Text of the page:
Tuesday, May 29, 2012

In the Company of Heroes

I didn’t post last week because I was in Washington, D.C. with a group of heroes. (That is a much better excuse than the dog eating the post.)

The group poses for a picture before entering the WW II Memorial
 The World War II Memorial opened to the public at the end of April in 2004. We are losing our WW II veterans at a rate of over 1,000 per day, and a physician assistant and retired Air Force officer named Earl Morse realized that many of the veterans would never have the opportunity to see their memorial. So in August of 2005, Mr. Morse organized a flight of six private aircraft to fly a dozen vets to Washington to see the memorial. From that initial flight an organization named Honor Flight Network was born. The organization has thirty-nine state organizations across the country today. Their goal is to get as many WW II veterans to the memorial as they can. The veterans’ trips are arranged and paid for by the organization.

Ken Morgan stands at the entrance
 My father is a WW II veteran who piloted B-17’s out of England. In March of this year Honor Flight Arizona contacted him with the offer of a trip. Obviously, the veterans are all in their late eighties and nineties. To help get them around “guardians” also go on the trip. (Guardians pay their own way.) My father invited my sister and myself to go along as guardians; my sister served as guardian for Dad, and I went as guardian for a friend of my father’s, an Army veteran.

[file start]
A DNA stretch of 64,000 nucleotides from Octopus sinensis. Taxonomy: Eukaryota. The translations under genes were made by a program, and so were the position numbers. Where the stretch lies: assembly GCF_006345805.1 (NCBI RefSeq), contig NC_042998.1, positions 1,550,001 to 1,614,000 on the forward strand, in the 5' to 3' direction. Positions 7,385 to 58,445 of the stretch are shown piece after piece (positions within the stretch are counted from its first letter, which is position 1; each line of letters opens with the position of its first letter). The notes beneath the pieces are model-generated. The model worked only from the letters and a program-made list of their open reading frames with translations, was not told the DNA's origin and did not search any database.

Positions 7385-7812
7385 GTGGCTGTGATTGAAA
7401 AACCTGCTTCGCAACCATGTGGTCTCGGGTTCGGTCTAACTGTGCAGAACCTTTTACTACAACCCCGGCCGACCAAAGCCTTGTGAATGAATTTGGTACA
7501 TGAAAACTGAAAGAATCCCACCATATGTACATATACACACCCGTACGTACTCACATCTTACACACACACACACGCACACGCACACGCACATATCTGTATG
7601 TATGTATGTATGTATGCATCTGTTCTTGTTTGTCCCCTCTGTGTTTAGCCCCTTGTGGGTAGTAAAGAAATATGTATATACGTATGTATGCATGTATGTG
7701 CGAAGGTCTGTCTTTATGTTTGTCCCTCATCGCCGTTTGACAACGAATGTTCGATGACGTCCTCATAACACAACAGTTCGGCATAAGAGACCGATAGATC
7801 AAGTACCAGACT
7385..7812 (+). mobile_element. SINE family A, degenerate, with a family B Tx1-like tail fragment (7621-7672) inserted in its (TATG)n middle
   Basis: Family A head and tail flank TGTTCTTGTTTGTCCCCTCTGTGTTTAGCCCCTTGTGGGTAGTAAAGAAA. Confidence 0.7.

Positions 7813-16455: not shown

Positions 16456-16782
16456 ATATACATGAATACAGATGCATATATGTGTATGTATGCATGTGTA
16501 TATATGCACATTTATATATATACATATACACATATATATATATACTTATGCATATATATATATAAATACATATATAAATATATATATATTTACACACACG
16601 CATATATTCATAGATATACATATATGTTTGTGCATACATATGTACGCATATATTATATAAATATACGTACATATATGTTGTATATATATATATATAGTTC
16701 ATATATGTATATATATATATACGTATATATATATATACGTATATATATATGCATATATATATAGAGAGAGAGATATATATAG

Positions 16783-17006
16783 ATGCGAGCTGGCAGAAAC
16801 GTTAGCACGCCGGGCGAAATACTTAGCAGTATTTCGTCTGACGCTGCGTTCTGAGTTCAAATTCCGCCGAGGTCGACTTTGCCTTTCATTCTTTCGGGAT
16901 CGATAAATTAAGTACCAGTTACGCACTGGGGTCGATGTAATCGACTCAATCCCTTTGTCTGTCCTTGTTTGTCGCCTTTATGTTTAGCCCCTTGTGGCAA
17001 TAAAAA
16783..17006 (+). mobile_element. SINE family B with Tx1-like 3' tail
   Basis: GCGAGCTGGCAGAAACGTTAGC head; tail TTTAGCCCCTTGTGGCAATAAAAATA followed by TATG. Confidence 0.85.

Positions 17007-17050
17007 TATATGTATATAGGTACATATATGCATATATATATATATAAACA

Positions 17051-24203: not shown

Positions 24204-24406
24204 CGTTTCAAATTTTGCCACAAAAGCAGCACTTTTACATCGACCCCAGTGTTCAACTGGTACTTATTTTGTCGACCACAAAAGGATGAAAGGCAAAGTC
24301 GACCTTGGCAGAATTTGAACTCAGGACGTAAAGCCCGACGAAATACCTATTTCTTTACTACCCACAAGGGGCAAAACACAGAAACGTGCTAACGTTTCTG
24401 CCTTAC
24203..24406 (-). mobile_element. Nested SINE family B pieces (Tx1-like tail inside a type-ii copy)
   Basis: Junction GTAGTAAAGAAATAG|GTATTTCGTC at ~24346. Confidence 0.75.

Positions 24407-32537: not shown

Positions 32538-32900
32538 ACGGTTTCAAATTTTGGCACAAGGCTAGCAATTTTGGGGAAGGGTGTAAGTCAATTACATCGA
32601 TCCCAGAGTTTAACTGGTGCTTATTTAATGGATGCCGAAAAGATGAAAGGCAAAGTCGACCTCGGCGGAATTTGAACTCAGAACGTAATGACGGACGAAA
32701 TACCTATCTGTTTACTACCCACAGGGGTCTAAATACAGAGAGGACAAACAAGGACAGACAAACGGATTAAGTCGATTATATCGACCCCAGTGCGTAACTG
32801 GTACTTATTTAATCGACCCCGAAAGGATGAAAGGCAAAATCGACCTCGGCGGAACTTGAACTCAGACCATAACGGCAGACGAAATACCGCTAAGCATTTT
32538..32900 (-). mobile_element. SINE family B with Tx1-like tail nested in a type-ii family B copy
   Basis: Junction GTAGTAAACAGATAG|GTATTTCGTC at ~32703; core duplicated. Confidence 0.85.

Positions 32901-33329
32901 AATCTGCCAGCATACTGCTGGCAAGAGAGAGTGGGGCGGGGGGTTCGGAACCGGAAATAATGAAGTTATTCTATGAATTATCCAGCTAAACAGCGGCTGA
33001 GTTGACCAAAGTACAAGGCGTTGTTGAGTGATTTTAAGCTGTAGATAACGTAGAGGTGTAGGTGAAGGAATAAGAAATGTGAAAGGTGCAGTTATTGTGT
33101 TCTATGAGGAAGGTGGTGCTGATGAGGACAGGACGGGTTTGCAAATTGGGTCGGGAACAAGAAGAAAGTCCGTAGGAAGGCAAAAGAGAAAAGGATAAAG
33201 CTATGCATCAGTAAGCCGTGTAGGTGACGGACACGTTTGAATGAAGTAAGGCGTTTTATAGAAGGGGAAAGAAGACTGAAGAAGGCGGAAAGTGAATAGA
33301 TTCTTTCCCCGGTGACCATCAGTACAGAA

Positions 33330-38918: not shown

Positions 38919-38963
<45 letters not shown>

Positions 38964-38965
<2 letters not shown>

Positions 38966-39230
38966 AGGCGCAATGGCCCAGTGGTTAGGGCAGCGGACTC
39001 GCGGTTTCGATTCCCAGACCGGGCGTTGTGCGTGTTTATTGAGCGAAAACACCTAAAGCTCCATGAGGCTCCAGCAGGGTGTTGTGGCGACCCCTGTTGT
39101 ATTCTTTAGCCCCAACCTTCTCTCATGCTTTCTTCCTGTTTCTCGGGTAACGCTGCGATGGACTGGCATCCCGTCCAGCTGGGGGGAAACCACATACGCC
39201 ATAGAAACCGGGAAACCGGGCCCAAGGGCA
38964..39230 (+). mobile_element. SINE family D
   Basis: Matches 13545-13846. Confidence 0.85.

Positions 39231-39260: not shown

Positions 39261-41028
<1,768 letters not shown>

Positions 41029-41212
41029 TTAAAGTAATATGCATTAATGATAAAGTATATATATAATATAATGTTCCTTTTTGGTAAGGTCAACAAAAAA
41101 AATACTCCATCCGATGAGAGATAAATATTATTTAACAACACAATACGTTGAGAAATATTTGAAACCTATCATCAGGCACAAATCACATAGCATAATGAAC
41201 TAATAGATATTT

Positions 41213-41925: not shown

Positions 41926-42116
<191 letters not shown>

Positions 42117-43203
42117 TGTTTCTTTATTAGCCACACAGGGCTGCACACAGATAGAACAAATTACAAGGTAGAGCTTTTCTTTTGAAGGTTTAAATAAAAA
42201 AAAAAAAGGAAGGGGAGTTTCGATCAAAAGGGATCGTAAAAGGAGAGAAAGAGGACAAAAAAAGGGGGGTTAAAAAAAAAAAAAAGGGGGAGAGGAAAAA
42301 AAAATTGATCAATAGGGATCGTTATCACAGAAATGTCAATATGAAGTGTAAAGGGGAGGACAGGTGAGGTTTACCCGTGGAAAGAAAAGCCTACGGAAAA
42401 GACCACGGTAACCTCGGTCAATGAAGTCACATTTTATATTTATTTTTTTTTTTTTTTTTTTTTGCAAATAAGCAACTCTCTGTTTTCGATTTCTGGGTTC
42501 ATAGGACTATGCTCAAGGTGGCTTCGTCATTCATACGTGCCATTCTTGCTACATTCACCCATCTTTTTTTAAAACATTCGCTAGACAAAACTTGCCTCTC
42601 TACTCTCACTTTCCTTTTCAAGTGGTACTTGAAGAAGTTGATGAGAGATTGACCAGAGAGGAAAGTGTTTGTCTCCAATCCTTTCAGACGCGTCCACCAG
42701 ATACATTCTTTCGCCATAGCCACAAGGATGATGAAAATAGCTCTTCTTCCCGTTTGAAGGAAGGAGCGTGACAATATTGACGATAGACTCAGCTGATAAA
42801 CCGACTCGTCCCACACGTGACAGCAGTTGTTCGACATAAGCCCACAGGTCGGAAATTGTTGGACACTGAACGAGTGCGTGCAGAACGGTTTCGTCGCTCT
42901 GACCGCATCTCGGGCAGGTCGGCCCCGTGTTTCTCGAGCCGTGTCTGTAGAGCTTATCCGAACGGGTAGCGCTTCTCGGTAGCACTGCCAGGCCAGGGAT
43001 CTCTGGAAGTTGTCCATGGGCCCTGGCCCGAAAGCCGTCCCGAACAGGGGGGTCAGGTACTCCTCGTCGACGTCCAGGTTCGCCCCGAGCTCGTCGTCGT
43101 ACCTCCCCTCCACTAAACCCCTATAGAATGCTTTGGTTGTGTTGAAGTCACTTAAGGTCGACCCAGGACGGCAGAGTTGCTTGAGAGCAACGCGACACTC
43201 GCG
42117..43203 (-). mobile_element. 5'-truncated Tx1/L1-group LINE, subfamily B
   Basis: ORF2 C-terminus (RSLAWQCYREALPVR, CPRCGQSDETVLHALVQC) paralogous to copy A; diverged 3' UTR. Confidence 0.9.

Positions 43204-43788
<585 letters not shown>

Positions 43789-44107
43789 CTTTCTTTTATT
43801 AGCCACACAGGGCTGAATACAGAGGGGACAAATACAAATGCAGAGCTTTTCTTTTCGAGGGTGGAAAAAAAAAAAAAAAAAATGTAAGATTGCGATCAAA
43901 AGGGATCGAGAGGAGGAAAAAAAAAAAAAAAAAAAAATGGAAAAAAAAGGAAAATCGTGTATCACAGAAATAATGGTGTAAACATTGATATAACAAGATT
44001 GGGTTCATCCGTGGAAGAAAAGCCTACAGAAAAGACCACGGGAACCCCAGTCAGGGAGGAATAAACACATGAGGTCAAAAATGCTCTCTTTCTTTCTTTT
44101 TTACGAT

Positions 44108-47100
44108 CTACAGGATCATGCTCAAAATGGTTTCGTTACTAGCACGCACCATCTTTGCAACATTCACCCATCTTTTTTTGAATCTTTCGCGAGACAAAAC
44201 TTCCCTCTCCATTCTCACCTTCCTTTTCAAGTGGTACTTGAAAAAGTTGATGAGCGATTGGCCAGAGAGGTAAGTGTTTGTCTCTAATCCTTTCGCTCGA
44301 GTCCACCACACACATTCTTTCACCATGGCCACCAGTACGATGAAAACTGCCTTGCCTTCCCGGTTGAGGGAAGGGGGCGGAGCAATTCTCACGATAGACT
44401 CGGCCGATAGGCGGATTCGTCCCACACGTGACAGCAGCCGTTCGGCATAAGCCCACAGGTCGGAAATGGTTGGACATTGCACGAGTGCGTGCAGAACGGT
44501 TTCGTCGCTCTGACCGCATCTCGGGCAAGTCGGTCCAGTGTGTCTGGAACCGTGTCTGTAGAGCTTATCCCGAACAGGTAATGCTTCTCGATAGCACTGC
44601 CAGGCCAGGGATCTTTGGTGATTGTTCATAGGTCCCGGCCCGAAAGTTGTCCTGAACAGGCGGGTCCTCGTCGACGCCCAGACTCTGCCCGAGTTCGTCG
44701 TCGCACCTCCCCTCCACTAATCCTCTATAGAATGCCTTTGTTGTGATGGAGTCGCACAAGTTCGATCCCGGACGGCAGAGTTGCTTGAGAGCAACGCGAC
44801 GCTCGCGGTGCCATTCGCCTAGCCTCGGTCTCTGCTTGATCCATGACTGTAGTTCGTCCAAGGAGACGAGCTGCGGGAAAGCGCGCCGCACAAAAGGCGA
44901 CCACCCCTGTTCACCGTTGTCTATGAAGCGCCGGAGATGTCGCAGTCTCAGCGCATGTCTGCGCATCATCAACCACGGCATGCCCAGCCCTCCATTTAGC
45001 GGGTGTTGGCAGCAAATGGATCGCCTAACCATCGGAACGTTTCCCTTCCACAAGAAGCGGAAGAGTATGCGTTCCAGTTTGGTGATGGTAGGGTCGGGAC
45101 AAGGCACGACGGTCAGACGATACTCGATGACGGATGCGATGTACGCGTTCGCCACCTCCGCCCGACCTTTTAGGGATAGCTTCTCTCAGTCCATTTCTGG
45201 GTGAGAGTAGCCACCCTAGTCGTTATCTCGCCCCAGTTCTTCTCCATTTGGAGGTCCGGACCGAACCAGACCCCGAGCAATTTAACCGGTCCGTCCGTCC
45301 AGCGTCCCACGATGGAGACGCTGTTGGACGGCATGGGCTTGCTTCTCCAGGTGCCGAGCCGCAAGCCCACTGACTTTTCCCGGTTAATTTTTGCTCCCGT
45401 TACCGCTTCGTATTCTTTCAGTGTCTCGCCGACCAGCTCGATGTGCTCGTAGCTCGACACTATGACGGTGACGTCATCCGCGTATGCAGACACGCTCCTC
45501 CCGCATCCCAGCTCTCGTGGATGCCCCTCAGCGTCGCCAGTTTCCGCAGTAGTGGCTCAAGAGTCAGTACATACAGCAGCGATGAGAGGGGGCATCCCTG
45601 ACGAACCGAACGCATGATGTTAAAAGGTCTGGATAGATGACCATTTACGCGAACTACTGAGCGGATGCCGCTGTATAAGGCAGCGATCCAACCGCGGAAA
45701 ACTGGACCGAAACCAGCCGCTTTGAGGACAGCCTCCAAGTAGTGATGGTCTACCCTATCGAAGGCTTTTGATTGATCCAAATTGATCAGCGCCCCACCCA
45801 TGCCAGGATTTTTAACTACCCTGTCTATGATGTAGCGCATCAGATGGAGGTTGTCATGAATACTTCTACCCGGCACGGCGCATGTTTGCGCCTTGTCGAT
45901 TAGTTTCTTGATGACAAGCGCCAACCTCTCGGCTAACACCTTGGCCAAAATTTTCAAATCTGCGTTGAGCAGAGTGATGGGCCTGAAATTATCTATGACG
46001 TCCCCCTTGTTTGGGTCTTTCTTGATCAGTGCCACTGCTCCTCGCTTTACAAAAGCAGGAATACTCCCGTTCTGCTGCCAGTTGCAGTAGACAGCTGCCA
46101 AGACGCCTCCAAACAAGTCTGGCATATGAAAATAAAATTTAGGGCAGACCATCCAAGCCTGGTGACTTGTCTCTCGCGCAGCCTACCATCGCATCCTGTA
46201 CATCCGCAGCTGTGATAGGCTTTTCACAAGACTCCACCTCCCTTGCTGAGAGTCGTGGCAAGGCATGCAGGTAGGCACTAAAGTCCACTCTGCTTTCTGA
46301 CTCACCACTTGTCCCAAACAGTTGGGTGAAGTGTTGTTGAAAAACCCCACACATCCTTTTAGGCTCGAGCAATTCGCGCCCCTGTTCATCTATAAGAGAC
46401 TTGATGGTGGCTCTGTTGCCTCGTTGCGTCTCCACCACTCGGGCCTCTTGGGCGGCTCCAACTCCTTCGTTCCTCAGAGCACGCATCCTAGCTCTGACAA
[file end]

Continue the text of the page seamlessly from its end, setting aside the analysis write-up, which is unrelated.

In addition to the WW II Memorial, the group toured the Capitol Building, the Viet Nam and Korean Memorials and the Tomb of the Unknown Soldier. To describe everything the veterans did on the trip would take too long for a single post, but some things and highlights of the trip are well worth mentioning. There were twenty-nine veterans in our group. The youngest was 86 years old; he signed up when he was sixteen. The oldest vet was a former Marine, almost 97 years old. There were vets from the Army, Army Air Corps, Marine Corps and Navy.

People lined up to thank the vets
Everywhere the vets travelled, people randomly came up to thank them for their service, many of them were teens. In one instance a man at the airport shook a vet’s hand and the veteran commented he hadn’t done anything special. The stranger replied, “No, not much. You guys just saved the world.”

At the WW II Memorial, groups of tourists asked the vets to pose with them for pictures. After several groups in a row, one of the vets cracked that they should start charging a dollar a picture. I think they could have gotten it.

In honor of his lost friends
  The most poignant moment came when we stopped at the Iwo Jima Memorial. One veteran had a bottle of sand from the beach at Iwo Jima where he fought and his friends died. As we watched, he threw the sand up on the memorial in honor of his lost friends.

Honor Flight operates with volunteers, using donations to pay for the veterans’ airline tickets, meals and lodging. If you would like to know more about Honor Flight, or would like to volunteer, donate, or nominate a veteran, visit their web site at www.honorflight.org (Be aware there are dot-com sites with honor flight in their URL’s that are not associated with the Honor Flight Network. Those operations charge fees to the veterans.)